If you are reading this article, then you may have dreamed of ditching your 9-5 work, warms up your hands, and opening a money making Etsy shop.
Well, Alicia Shaffer from Three Bird Nest, is living that dream.
Etsy may seem a bit too mainstream for handmade sellers, but with 30 million registered users, one million sellers and over one billion in total annual transactions, this is notyour neighborhood craft fair. This is big e-commerce.
Alicia opened her Etsy shop in 2011. She first started with handmade weaves and lace, headbands in knits, before branching out into a full line of knitwear and eventually, accessories and home goods.
Alicia’s winning creative and business skills are apparent. She is a sharp business woman, a mother of three kids (ages 4, 5 and 10), and a wife. Her husband Demetrious retired early from his post as a fire chief to run their home, mastering the cooking and kid organization so that she can continue to grow her empire.
Alicia is one of the richest handmade sellers on Etsy, with more than, gulp, an estimated $65,000 a month in sales. But she says that it didn’t all happen, overnight, though.Where most shops would love to sell 300 items a day, Three Bird Nest, her store is selling over 3,000. (If those numbers don’t make you wanting to quit your day job, then you must really love what you do .)
What’s Special About Her Creations?
Her creations have its own distinctive feeling, but it’s not breaking the mold with exclusive, rarefied creations. Items similar to her lovely handmade, knitted scarves, wraps, headbands, beanies, boot socks and calf cozies (adorably irresistible) can be bought elsewhere. So why is she cleaning up when others are coasting?
Her Advice To Handmade Sellers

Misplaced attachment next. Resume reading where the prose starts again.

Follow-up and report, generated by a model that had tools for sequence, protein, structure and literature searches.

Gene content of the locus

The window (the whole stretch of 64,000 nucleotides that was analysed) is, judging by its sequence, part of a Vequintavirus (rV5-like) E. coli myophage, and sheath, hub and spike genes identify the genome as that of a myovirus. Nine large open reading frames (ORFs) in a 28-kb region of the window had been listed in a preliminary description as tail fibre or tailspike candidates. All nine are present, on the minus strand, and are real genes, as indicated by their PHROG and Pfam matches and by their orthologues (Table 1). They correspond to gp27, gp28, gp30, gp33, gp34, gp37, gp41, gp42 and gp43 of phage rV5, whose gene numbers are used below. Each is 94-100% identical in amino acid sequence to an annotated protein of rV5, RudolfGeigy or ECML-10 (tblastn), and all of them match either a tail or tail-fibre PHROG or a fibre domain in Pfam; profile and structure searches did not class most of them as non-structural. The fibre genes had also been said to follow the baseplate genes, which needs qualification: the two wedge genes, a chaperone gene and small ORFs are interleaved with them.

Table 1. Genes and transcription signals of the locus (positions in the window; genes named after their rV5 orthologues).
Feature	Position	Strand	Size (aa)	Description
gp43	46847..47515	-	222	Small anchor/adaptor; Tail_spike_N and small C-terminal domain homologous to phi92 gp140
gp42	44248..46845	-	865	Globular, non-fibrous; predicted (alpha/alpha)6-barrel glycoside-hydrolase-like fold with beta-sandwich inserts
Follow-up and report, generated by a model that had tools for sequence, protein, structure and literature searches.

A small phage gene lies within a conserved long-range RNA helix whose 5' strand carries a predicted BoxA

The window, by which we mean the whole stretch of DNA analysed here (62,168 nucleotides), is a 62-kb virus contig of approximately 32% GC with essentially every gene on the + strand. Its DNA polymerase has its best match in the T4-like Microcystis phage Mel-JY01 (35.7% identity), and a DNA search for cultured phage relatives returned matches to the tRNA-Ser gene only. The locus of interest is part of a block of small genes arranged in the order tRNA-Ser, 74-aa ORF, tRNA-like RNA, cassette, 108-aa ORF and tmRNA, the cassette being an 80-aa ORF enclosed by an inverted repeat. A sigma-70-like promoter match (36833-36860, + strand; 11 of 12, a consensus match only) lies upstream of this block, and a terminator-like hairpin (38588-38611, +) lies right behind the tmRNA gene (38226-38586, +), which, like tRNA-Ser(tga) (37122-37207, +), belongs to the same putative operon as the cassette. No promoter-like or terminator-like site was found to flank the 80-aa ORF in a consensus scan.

One thing that stands out is her passion for her work. “I love textiles, fabric, fashion, designs, and seeing how different colors and fabrics pair together,” she says on her site. When the seller’s passion comes through, the shopper connects with craftsperson. From conception, to production, to getting it in front of people to delivery is a high for her. To have a successful business on Etsy (or anywhere), she advises: you need to eat, sleep and breathe your brand.
Also, she wants new Etsysellers to know – to be prepared for many failures, and to learn from them. One of her early missteps was “letting customers down,” she admits. She also says she erred early on by selling some products that “didn’t feel authentic to the brand.” Her takeaway is to find out who you are as a brand and grow your company from there.
With all her success and determination, it might seem like she would be ready to move on from Etsy and make a website. But she loves where her business is and she believes growth will come from adding more and more to the line, continuing to make customers happy, and continuing to evoke the mom and pop feel.
So aspiring Etsy superstars, learn from both Shaffer’s creativity and also her keen business sense. Before you hang up your day job, roll up your sleeves and hop into your Hedley and Bennet apron, there is a ton of brand and marketing research to be done about what it takes to make it big.
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